VOC Welcomes UN Special Rapporteur’s Report on Contemporary Forms of Slavery Concluding that Forced Labor is Occurring in Uyghur Region of China
The Victims of Communism Memorial Foundation (VOC) welcomes the publication last week for the Human Rights Council’s 51st session of the UN Special Rapporteur Report on contemporary forms of slavery, which concludes that forced labor among Uyghur, Kazakh, and other ethnic minorities is occurring in Xinjiang, the Uyghur Region of China.
Amb. Andrew Bremberg, President and CEO of VOC, stated “the report from Special Rapporteur Tomoya Obokata is one of the strongest critiques of China’s human rights practices to date from the United Nations. We urge Member States to respond to the findings of this report by adopting an import ban on goods made in Xinjiang, similar to the US Uyghur Forced Labor Prevention Act. We also urge High Commissioner Bachelet to reflect the findings of this report in the long overdue report on the human rights situation in Xinjiang, and to release the report without further delay.”
The report finds that Uyghur, Kazakh, and other ethnic minorities are being used for forced labor in sectors such as agriculture and manufacturing, and that “some instances [of forced labor] may amount to enslavement as a crime against humanity, meriting a further independent analysis.”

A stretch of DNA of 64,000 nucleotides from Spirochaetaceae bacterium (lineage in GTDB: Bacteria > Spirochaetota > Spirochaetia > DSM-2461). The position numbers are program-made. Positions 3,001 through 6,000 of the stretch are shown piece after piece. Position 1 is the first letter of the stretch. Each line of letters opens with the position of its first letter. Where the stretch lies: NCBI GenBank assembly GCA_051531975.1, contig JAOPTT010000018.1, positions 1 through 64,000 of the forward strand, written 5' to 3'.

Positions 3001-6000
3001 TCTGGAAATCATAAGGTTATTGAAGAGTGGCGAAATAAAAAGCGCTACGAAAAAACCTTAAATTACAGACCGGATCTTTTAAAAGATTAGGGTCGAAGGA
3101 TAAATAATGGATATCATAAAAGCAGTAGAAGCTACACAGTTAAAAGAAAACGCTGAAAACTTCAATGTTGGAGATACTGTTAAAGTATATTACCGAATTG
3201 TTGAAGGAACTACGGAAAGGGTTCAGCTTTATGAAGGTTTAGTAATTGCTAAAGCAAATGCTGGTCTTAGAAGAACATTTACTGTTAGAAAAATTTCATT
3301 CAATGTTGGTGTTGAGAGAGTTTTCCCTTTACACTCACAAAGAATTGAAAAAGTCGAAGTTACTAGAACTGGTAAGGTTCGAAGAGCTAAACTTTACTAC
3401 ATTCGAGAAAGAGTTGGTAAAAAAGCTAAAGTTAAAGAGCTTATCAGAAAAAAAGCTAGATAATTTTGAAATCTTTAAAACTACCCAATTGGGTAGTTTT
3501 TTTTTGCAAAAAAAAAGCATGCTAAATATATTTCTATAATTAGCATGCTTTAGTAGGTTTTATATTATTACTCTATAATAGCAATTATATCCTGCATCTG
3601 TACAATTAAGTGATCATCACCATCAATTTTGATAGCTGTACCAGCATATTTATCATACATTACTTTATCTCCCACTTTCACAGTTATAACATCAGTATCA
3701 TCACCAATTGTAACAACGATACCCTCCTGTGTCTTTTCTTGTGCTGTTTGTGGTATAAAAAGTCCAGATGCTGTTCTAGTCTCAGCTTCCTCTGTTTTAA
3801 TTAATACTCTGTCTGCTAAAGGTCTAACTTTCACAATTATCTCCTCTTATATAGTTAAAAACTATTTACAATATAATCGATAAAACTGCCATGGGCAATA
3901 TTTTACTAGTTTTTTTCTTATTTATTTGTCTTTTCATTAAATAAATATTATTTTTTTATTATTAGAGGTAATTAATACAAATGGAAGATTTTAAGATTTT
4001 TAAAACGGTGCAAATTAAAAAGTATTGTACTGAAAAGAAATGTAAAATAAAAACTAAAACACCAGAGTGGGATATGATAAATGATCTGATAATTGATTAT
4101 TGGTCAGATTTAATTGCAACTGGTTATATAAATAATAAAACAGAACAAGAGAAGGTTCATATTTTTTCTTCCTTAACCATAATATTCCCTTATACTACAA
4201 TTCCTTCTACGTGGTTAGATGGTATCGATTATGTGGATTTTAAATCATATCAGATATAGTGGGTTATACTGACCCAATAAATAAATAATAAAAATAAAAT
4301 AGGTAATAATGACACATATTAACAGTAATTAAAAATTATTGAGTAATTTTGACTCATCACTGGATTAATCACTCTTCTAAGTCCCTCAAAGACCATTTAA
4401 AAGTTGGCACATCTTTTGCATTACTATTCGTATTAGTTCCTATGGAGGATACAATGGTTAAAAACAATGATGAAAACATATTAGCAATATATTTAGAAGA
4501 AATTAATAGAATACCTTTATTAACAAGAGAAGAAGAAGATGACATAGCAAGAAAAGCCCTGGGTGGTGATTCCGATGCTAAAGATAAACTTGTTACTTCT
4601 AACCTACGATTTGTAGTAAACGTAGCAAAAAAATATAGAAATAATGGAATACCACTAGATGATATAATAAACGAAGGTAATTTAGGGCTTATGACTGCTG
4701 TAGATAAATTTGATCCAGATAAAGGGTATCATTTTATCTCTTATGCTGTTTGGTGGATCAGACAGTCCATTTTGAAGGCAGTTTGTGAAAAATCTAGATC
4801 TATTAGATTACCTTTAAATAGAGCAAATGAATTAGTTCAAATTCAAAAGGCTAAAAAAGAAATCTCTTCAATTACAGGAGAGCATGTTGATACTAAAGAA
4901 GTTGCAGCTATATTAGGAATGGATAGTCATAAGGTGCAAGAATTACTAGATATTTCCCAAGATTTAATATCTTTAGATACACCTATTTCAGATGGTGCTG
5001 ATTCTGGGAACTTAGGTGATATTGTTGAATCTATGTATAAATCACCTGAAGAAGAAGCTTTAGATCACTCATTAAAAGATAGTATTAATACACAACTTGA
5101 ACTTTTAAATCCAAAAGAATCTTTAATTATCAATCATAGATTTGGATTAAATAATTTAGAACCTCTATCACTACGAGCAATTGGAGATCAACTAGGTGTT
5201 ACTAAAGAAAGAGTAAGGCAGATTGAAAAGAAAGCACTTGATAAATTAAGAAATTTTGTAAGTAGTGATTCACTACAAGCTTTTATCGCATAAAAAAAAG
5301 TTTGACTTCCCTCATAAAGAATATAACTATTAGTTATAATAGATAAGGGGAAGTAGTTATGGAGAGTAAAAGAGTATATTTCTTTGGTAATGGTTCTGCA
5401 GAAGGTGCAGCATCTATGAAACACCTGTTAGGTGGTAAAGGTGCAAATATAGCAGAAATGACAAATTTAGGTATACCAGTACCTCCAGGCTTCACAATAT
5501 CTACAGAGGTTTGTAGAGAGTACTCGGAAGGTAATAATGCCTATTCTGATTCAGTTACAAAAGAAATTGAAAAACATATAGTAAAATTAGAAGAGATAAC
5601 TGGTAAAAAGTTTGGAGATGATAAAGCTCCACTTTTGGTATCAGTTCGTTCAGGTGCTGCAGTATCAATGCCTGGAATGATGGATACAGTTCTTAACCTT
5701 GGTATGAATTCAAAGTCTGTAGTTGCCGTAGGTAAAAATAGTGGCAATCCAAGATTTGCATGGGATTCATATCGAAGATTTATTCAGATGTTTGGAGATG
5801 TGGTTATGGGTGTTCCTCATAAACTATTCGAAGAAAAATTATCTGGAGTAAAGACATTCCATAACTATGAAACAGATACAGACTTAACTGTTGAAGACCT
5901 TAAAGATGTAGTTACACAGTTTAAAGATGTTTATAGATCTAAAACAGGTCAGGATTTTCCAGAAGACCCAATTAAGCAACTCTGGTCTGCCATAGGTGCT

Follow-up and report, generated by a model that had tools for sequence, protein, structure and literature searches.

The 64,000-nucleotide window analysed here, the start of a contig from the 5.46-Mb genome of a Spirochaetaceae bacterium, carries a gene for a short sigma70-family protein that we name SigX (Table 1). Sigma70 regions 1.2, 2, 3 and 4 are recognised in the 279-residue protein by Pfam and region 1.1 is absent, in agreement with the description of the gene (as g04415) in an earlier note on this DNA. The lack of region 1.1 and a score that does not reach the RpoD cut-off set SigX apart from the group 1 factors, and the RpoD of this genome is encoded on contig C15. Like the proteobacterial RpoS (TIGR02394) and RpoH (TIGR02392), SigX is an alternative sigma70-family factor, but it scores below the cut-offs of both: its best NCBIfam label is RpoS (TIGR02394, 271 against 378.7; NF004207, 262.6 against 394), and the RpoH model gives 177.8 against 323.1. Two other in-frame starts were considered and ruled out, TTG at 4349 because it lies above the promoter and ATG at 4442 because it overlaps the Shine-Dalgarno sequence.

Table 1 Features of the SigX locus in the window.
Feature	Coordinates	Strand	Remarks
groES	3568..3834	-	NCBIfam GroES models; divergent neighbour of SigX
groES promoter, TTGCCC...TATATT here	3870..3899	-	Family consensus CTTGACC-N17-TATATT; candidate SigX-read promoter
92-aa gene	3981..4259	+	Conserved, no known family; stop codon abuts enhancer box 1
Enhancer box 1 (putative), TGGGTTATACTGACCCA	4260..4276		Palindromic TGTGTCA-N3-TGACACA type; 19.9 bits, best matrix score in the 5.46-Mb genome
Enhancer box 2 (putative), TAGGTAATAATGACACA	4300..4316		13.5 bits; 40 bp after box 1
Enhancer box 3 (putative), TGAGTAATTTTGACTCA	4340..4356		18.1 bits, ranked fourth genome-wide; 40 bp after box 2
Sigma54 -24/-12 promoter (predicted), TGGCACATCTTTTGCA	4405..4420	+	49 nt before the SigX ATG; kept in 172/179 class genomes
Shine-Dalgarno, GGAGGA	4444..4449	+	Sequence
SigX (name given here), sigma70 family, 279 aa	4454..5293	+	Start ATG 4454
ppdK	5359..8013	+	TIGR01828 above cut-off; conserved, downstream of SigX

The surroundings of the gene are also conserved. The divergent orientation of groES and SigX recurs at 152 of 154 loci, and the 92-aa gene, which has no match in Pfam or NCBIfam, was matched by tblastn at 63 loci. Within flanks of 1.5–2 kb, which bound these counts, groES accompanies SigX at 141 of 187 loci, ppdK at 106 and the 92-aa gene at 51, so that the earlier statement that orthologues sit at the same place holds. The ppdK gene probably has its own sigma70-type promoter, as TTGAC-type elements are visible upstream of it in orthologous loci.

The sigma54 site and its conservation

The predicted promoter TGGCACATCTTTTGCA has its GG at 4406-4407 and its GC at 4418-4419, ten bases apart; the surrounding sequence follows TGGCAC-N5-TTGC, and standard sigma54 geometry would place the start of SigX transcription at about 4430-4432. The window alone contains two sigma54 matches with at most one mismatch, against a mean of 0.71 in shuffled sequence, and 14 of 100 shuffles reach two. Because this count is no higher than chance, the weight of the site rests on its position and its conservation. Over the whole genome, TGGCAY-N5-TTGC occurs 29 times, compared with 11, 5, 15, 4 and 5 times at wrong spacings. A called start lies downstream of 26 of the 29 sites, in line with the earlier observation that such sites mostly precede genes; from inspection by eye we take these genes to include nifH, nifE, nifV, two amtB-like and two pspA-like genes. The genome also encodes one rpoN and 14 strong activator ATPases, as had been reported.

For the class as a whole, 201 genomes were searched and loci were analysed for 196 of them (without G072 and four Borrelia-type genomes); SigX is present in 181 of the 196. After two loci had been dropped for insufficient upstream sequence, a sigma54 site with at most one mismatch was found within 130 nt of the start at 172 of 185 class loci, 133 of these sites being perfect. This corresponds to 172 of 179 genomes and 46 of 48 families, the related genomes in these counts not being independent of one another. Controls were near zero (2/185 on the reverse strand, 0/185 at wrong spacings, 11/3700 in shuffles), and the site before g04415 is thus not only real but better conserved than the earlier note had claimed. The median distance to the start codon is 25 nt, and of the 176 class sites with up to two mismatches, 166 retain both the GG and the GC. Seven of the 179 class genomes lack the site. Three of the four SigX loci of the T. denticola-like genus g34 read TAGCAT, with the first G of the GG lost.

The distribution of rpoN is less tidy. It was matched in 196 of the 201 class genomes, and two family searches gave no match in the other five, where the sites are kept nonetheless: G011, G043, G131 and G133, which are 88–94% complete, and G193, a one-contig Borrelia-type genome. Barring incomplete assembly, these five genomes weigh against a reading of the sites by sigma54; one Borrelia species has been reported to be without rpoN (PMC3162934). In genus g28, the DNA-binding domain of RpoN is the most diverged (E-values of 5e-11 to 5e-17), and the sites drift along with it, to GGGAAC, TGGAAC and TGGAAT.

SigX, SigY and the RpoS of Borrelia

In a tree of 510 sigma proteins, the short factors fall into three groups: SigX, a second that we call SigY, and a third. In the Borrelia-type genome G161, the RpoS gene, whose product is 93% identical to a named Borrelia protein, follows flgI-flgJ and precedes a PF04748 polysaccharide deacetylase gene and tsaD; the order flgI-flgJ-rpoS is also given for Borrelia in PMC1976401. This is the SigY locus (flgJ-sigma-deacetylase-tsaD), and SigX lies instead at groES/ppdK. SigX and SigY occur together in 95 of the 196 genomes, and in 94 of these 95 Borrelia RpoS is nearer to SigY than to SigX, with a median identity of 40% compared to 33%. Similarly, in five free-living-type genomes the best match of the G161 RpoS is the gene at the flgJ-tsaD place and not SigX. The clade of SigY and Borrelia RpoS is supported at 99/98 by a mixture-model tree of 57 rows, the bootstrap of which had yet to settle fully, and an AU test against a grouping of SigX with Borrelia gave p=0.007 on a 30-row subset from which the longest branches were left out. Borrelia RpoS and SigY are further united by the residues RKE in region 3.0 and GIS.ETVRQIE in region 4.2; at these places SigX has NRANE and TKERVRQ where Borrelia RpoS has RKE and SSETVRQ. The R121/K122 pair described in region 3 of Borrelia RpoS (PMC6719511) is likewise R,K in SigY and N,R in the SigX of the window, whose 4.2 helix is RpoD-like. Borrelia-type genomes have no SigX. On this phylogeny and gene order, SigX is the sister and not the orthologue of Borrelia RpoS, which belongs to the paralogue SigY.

Citing the research on both Xinjiang and Tibet of Dr. Adrian Zenz, Director and Senior Fellow in China Studies at VOC, the report adopts Dr. Zenz’s conceptual framing of Uyghur forced labor as two distinct State-mandated systems: “(a) the vocational skills education and training center system, under which minorities are detained and subjected to work placements; and (b) the poverty alleviation through labor transfer system, where surplus rural laborers are transferred into secondary or tertiary sector work.”
Dr. Adrian Zenz stated, “this report is an extremely significant and strong assessment, and sets a very important precedent. It finds that there is reasonable evidence to conclude that forced labor is taking place in the Xinjiang Uyghur Autonomous Region, that there is a similar program existing in Tibet, and that in some cases the situation may amount to enslavement as a crime against humanity.”
The report comes nearly four days after China ratified two International Labour Organization (ILO) conventions on forced labor, one of which is designed to counter state-sponsored forced labor, forbidding its use for political aims and economic development. The other convention prohibits the use of forced labor in all forms and requires state parties to make forced labor practices punishable as a penal offense. The findings in the Special Rapporteur report other evidence should be the basis for immediate action by the ILO to hold China accountable for its flagrant and egregious violation of the two international conventions it has just ratified.